ngos and eu litigation: what can be challenged? kate cook, matrix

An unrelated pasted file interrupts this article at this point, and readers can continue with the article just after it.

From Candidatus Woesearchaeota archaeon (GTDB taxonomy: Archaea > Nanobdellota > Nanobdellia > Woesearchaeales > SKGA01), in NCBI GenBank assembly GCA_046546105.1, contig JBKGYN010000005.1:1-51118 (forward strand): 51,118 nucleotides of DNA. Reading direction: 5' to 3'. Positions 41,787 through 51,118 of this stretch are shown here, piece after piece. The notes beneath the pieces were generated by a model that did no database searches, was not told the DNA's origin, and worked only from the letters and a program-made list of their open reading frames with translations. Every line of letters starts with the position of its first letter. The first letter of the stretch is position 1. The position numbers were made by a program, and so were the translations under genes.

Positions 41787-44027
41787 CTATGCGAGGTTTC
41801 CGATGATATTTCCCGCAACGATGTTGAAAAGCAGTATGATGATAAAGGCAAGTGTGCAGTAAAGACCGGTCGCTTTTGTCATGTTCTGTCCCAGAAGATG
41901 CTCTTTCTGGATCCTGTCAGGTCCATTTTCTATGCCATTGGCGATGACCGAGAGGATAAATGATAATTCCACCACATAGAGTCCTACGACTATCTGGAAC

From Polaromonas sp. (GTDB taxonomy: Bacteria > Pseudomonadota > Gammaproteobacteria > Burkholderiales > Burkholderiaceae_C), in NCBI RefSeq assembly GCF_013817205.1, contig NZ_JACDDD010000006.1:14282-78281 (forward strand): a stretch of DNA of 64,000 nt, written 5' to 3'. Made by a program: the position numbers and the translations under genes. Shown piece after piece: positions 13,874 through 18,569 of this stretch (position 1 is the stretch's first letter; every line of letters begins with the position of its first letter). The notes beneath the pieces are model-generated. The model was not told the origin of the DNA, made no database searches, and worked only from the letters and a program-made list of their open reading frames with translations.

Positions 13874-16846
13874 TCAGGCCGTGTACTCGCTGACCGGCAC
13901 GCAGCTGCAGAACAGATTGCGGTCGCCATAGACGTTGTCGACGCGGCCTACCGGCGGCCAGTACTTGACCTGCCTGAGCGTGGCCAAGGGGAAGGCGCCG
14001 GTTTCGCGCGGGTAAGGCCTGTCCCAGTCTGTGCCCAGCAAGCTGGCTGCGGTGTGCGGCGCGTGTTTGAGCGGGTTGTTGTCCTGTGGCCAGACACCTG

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NGOS AND EU LITIGATION: WHAT CAN BE CHALLENGED? Kate Cook, Matrix Slide 2 Burying Plaumann? Plaumann handed down 50 years ago when the Community had 6 members and very limited jurisdiction! Greenpeace was a missed opportunity by Court, repeated again and again..too strict to meet criteria of AC and an obstacle to legal scrutiny of EU decision-making Aarhus Convention (AC) sets opportunity for real post cold war leadership on standards of access to justice Community of 27 facing greatest crisis since 1957 and issues of democratic accountability even more pressing... Time to meet Aarhus standards and extend them but... Slide 3 What acts/omissions can be challenged ? Catch 22: even if you have standing, the act in dispute may be outside scope of review procedures! Standing not the only hurdle... Slide 4 Article 9(3) Aarhus Each Party shall ensure that, where they meet the criteria, if any, laid down in its national law, members of the public have access to administrative or judicial procedures to challenge acts and omissions by...public authorities which contravene provisions of its national law relating to the environment Slide 5 Administrative/judicial procedures?- Parties can choose to apply either or both but must meet requirements of Art 9(4): The procedures shall provide adequate and effective remedies, including injunctive relief as appropriate, and be fair, equitable, timely and not prohibitively expensive Slide 6 Art 2(2) exception Public authorities do not include bodies or institutions acting in a judicial or legislative capacity, art 2(2) Convention Exception for legislative measures based on fact that elected representatives are more directly accountable to the public through the election process..., see AC Implementation Guide p.34; Slide 7 Legislative capacity? Label in domestic law not decisive, para 71 Aarhus Compliance Committee report 14/4/11 (ACCC). ACCC did not rule out that EU regulation might fall within As 6-8 AC and found that some decisions acts/omissions of EU institutions are covered by A9(3): This is the case if an act/omission by EU institution/body can (1) be attributed to it in its capacity as a public authority and (2) is linked to provisions of EU law relating to the environment Slide 8 Aarhus Regulation EU has implemented these obligations in Title IV of Regulation 1367/2006 (Aarhus Regulation, AR) by providing for an administrative internal review procedure, on completion of which an NGO may bring an action for annulment before EU courts under what is now Article 263 (ex 230) of the Treaty: Arts 10- 12 AR Slide 9 Good news Scope of environmental law? Art 2(1)(f) AR refers to Community legislation which contributes to objectives of EU environmental policy but irrespective of legal base: includes protection of human health and prudent/rational utilisation of natural resources, so broad approach Slide 10 Bad news Administrative act is limited to any measure of individual scope under environmental law, taken by a Community institution or body, and having legally binding and external effects Art 2(1)(g) AR Omission is failure to adopt administrative act Slide 11 Individual/general scope? So issue is what is individual scope? Earlier case-law not helpful: an act is of general application if it applies to objectively determined situations and entails legal effects for persons regarded generally and in the abstract T37/04 Azores case Slide 12 Aarhus Compliance Committee indicated that the decision at issue in Greenpeace (to fund a power plant project from EU funds) was of a type to fall within A9(3), without ruling out that other acts/omissions also relevant; Given pending case T338/08 ACCC did not take a view on internal review under EU AR Slide 13 Story so far... So far, internal review sought by NGOs of: authorisation of GM products containing antibiotic resistence markers; decisions to extend authorisation of certain active substances used in pesticides, including glyphosate; Slide 14 Commission response Commission adopting very restrictive approach to scope of internal review: in response to a number of requests concerning the placing on the market of certain pesticides, Commission has rejected requests on the basis that measure was not an administrative act as it was an act of general scope Slide 15 Pending cases T-338/08, Stichting Milieu & PAN application 11/08/08 T-405/10, Justice & Environment v Commission, application 10/9/10 T-232/11, Greenpeace NL & PAN application 4/5/11 Slide 16 T338/08 Stichting Milieu Concerns request to review regulation setting maximum residue levels for certain pesticides on food/feed products. Applicants argued that although regulation might have form of general measure, should be seen as compilation of individual decisions concerning residues of individual products/substances and was therefore admin act for purposes of A2(1)(g)AR/ A9(3) AC Slide 17 Case T232/11 Request made by Greenpeace NL and PAN Europe for review of Dir 2010/77 extending authorisation for 39 active substances used in pesticide (glyphosate) beyond expiry period and without review of recent evidence of harm to human health and environment; Commission rejected request on grounds Dir not an administrative measure as of general scope Slide 18 Issues in T232/11 Is the directive a bundle of individual decisions in response to applications by operators (reviewable) or a measure of general scope (not reviewable)? Case 240/09: Court held AR should be interpreted in light of provisions of AC; Exceptions should be narrowly construed! Rationale for Art 2(2) exception-accountability Impact of Lisbon changes? Slide 19 Lisbon changes Article 263(4) no need for individual concern in relation to regulatory measures of direct concern and not entailing implementing measures-how does this fit with Article 9(3) implementation? See Microban (non AC case) Article 290: A legislative act may delegate to the Commission the power to adopt non- legislative acts of general application to supplement or amend certain non-essential elements of the legislative act. Slide 20 ACCC noted what while Parties under no obligation to establish actio popularis under AC, nor could they apply standing criteria under A9(3) so as to effectively bar all/almost all NGOs from challenging acts/omissions Scope of act/omission not subject to same flexibility but in any event should not be interpreted so narrowly as to render provision ineffective ACCC View Slide 21 Alternative national challenges ? ACCC found that system of preliminary ruling does not in itself meet requirements of access to justice in Art 9 AC nor compensate for strict jurisprudence of EU courts; This is relevant to interpretation of scope of decision as well as standing ie not enough to say challenge national implementing measures instead/let alone accountable through national parliaments! Slide 22 However Even where there is no possibility of any action before the national courts and the Community institutions and the Member States are not prepared to challenge the contested regulation: it must be recalled that, in accordance with settled case-law, the conditions governing the admissibility of an action for annulment cannot be set aside on the basis of the applicants interpretation of the right to effective judicial protection (see Case C 260/05 P Sniace v Commission [2007] ECR I 0000, paragraph 64..). [cited p 87 of T91/07 WWF ] Slide 23 By contrast... But in the light of the specific framework of the Convention and the underlying rationale of the legislative decision exception, right to effective judicial protection/AC equivalent is relevant If the effective protection of EU environmental law is not to be undermined, it is inconceivable that Article 9(3) of the Aarhus Convention be interpreted in such a way as to make it in practice impossible or excessively difficult to exercise rights conferred by EU law C 240/09 Slide 24 Judge Lenaerts has referred to the mutually reinforcing relationship between the principle of effective judicial protection and Article 9(3) AC YEL 2011 General System of EU Environmental Law Enforcement page 34, in context of national proceedings C 240/09 Slide 25 Lisbon changes ACCC noted debate on whether change in wording provides basis for possible change of jurisprudence and considered this possible but refrained from speculating on whether and how EU courts will consider the jurisprudence in the light of TFEU and earlier noted that former Article 230 had been worded in a way that could comply with A9 AC Slide 26 ACCC consider that a new direction in jurisprudence should be established in order to ensure compliance with the Convention Slide 27 What are the Aarhus criteria? Not legislative decision: resolve in T338/08 and T232/11? Issue of general scope not a Convention criterion? Relating to the environment-broad approach-not in contention so far? Clues from compliance committee decision? This is all policy not law Slide 28 Other potential reviewable areas Fishing agreements with third countries? Logging: decisions on eligible bodies? Biofuels? Climate change projects? Extractives? Funding of development programmes? Slide 29 Solutions/options Role of European Parliament: petition to take action against institution if caselaw bars NGOs from doing so?; Article 225a? IEEP report suggestion-EU institutions could establish Judicial Panel for Environmental Disputes; Press for right to submit amicus briefs before European courts Slide 30 If EU going to rely on right to bring national challenges to demonstrate EU implementation of Article 9 obligations, must proceed with adoption of proposed directive on access to justice in MS-put forward in 2003 to ensure minimised compliant standards in the Member States, COM (2003) 624 final?! Slide 31 =